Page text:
Like Alice, the young translator whose strange journey we follow in Footprints (Le orme), you may find yourself hit by waves of tingling déjà vu, recurrent nightmare and flickering, almost remembered memory when watching this long-lost Italian thriller. Have I seen that peacock stained-glass window before? I’m sure I’ve stood on that mysterious hill overlooking that same sea?
If it wasn’t for the fact that this psychedelically haunting giallo from 1975 has never before been released in the UK, and has been unavailable worldwide on DVD until now, it would be easy to cite its influence on later moonlit dips into the interior, like some of the more cerebral moments of Argento, Aronofsky’s The Fountain, US experimental filmmaker Nina Menke’s work and of course many of Lynch’s delights.
Through an impressive performance by Florinda Bolkan (who also starred in ‘nunsploitation’ flick Flavia the Heretic), we are drawn into Alice’s world and her degenerating psychological state. A yellow dress has appeared overnight in her wardrobe, lurid against her row of beige suits. There’s also a ripped up postcard with an image of an opulent hotel on her kitchen floor. Alice’s colleagues have just informed her she’s been missing from work for three days, and the dream of an astronaut abandoned on the moon continues playing out in her mind’s eye. Alice’s seemingly straightforward existence has been torn apart and she must travel to the exotic island of Garma to piece things back together. We are drawn all the more powerfully into her world as she seems credible and intelligent, not prone to hysterical flights of fancy like the flailing token females that plague many gialli. And to this is added the impressive, disturbing cameo by Klaus Kinski as the sinister scientist Dr Blackmann.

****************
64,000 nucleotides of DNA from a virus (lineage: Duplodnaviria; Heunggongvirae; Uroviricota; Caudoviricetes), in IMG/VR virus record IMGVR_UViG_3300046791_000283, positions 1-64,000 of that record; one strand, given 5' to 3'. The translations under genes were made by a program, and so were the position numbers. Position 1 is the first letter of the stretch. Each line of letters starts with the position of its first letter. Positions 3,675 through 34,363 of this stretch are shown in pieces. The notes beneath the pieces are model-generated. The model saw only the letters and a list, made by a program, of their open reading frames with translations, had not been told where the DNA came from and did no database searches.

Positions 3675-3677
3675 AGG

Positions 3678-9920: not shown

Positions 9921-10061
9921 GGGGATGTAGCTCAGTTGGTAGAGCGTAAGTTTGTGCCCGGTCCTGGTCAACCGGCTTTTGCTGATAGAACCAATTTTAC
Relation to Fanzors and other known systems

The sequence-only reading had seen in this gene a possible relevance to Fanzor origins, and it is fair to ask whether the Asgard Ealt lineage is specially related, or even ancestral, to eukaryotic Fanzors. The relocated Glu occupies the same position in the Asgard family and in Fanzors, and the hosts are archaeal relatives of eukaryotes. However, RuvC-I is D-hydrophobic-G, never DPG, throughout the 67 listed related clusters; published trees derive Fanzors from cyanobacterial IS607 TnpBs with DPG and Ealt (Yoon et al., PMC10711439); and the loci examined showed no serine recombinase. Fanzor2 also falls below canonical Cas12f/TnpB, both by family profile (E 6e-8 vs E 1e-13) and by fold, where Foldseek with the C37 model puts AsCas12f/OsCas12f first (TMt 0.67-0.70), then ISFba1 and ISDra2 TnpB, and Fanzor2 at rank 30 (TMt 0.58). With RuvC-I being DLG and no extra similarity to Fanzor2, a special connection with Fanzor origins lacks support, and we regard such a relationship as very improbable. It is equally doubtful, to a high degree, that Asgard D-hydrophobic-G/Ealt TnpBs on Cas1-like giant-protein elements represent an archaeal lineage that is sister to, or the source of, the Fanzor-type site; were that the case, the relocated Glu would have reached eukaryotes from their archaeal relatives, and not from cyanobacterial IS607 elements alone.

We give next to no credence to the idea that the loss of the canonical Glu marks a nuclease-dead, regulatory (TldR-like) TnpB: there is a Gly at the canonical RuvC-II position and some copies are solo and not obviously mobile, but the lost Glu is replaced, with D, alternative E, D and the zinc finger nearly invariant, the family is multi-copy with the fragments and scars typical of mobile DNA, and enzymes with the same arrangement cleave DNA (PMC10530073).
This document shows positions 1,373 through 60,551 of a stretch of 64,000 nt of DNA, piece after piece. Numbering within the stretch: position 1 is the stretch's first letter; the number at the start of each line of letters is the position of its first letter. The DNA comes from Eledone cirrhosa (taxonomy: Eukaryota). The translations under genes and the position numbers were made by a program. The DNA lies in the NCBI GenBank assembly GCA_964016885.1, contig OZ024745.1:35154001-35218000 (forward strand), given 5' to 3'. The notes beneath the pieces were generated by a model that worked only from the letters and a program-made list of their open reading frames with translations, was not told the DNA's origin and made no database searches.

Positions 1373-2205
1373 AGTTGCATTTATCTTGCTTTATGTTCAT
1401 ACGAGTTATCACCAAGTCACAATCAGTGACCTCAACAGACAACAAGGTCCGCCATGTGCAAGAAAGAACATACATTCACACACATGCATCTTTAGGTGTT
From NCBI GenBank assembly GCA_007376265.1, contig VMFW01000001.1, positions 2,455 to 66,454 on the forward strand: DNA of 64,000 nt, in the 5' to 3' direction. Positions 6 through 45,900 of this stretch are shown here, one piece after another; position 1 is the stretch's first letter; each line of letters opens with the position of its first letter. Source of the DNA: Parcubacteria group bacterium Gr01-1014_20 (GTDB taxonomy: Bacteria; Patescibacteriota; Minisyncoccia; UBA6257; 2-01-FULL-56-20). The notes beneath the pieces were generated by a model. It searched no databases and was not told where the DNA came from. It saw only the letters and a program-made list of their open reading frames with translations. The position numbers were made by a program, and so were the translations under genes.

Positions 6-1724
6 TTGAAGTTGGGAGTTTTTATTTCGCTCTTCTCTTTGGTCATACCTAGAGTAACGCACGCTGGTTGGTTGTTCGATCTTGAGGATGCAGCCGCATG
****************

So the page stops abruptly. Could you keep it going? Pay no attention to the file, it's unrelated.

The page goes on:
Director Luigi Bazzoni’s treatment of Footprints is visionary, being equal parts style and substance, enhanced much by the cinematography of Vittorio Storraro, who of course also contributed his extraordinary talent to the films of Bertolucci and Coppola. It’s certainly a visual treat and while it is true to its era, it retains an elegance even in the final surrealist sequence on the stunning Balkan beach. The dream/memory flashbacks are executed with restraint and subtlety, and as a result have a particularly memorable impact on the subconscious mind. Perhaps a little like Storraro himself, this is a film with a sassy sense of its own style: it’s not just dressed to impress.
Footprints comes with the added appeal of obscurity: you’ll probably be the only one you know who’s seen it. The price to pay for this obscurity is the crude restoration of previously lost scenes, and the sudden (unintentionally) hilarious switches from English to Italian. These can be forgiven but do detract slightly from the overall credibility of the film. All in all, however, for those longing for an existentialist, sci-fi adventure that combines the narrative mystery and sense of isolation of Solaris with the vivid Italian visions of Argento: this is the film you’ve been dreaming of.